Three pictures, one-hundred words, minimum: That’s what I asked of my students, and of myself, for the introductory blog assignment for the semester. “Rather than trying to tell your whole life story,” I wrote in the assignment, “focus on one aspect of your life or one interest of yours.” It sounds simple enough, doesn’t it? But when I sat down to complete the assignment, words initially failed me. As I tried to compose a draft in my mind, what came to me instead were these lines from Patricia Hampl’s essay “Red Sky in the Morning”:
How much reality can subject-verb-object bear on the frail shoulders of the sentence? The sigh within the sentence is more like this: I could tell you stories–if only stories could tell what I have in me to tell. (178)
Choosing to include those lines of Hampl’s reflects my passion for writing, while the words themselves illustrate the struggle of writing–even for those of us who identify ourselves as writers.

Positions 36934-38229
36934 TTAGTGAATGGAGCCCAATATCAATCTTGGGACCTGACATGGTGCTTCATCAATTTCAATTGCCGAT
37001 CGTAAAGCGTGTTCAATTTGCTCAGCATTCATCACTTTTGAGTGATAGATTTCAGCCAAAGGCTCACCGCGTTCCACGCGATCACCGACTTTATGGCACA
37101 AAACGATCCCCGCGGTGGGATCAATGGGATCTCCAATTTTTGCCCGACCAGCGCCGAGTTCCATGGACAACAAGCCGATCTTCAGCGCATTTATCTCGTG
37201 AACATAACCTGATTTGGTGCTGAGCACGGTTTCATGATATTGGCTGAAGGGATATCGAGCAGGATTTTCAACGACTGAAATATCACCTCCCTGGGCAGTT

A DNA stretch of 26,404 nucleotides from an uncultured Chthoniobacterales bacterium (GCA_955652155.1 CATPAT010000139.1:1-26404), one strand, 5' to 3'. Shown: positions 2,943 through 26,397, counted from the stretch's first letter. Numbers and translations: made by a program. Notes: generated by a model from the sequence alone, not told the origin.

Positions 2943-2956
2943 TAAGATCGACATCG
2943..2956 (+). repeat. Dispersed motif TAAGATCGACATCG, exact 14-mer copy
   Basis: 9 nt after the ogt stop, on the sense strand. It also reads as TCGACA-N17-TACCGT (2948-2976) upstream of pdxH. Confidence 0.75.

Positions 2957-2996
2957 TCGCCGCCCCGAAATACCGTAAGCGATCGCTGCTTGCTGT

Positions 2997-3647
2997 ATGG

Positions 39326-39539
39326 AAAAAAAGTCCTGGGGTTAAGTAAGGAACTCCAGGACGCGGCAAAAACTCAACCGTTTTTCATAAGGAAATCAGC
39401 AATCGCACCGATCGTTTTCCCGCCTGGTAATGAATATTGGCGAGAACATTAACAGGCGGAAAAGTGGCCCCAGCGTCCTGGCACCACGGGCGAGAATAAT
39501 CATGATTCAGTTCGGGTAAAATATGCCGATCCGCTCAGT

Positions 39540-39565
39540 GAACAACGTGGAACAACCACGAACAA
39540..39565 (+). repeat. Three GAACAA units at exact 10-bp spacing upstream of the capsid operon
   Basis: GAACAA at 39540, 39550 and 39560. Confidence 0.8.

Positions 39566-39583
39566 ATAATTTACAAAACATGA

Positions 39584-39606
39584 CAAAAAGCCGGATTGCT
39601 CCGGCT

At the beginning of last semester, when I projected my own blog on the screen for the first time, one of the students remarked on the tagline: “Writer, Teacher.”
Have you written any books? she asked.
Written, not published, I started to say (“I could tell you stories . . .”), but instead I said, “I am not an author of any books, but I identify myself as a writer because I am someone for whom writing has always been a way of making sense of the world.
Hampl, Patricia. “Red Sky in the Morning.” Imaginative Writing: The Elements of Craft. Ed. Janet Burroway. 3rd ed. Longman, 2011.